How Will My Hosting Plan Affect My SEO?

InMotion Hosting Blog -

Can your website hosting plan affect SEO? Absolutely. When it comes to SEO, one of the last things people consider is the web host – but your choice of provider can matter a lot. Why? Because your hosting service and the plan you choose can greatly influence the performance – and ultimately the traffic levels – of your website. In this article, you’ll learn how your web hosting can affect your search engine rankings and how to choose a plan that will actually improve your SEO. Continue reading How Will My Hosting Plan Affect My SEO? at The Official InMotion Hosting Blog.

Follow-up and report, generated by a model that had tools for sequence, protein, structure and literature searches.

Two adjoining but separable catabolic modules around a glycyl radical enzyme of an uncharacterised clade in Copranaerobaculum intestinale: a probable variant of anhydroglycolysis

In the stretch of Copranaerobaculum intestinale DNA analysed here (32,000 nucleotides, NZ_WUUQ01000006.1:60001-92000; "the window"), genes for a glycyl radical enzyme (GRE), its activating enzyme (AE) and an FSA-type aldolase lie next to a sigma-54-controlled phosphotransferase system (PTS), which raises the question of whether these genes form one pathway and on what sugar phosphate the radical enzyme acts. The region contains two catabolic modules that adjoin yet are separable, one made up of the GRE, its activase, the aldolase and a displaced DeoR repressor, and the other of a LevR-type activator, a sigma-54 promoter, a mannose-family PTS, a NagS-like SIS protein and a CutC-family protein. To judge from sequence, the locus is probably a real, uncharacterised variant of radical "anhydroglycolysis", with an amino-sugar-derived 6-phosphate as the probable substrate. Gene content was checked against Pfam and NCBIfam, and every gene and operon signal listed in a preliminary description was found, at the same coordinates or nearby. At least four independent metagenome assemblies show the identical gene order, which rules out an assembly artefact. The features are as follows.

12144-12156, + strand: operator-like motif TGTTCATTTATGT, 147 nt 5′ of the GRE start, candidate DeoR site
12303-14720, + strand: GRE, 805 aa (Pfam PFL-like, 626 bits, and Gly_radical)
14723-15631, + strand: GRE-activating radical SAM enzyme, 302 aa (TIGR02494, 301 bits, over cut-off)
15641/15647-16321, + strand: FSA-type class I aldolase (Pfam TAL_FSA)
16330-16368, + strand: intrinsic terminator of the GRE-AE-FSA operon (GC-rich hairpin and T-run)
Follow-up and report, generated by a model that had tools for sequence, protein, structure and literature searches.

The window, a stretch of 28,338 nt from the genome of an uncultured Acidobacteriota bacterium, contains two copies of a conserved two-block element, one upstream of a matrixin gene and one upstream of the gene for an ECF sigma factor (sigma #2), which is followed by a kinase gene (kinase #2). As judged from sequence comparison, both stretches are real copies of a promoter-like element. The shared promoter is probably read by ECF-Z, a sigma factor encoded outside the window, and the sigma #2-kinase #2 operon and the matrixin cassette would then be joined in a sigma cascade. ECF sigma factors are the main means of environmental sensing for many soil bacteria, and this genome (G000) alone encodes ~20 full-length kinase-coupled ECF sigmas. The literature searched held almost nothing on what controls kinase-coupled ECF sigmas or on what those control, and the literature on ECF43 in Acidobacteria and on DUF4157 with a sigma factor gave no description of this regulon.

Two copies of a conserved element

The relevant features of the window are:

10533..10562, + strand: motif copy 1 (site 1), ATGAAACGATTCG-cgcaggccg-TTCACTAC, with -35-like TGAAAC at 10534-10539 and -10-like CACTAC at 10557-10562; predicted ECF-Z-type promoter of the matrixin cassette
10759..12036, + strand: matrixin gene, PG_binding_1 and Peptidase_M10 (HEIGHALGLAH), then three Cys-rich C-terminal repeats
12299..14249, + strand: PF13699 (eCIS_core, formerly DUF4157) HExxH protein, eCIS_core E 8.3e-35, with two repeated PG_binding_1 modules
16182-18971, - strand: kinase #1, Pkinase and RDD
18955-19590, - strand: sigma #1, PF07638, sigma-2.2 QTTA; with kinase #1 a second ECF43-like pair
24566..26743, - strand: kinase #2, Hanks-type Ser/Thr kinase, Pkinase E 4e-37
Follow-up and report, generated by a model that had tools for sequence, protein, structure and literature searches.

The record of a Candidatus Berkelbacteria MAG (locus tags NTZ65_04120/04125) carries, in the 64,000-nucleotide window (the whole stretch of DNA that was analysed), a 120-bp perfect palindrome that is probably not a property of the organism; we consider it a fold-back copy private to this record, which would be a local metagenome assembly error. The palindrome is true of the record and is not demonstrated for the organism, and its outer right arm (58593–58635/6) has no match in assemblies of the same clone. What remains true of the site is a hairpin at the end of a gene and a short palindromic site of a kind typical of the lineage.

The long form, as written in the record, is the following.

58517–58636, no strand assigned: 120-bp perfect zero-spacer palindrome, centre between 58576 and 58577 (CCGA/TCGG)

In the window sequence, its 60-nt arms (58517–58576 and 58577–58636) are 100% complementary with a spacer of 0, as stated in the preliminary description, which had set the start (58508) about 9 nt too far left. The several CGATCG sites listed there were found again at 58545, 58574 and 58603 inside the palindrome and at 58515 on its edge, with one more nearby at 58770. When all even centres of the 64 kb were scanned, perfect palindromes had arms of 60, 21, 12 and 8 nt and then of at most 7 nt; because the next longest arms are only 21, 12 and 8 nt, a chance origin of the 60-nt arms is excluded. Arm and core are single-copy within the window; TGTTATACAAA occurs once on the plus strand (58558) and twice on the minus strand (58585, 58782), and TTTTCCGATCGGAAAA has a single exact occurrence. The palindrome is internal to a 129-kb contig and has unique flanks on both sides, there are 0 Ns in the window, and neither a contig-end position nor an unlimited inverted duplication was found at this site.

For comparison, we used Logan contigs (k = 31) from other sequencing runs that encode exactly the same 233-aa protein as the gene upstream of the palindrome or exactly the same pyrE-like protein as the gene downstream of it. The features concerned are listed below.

A Guide to SEO Basics for Beginners

The Domain.com Blog -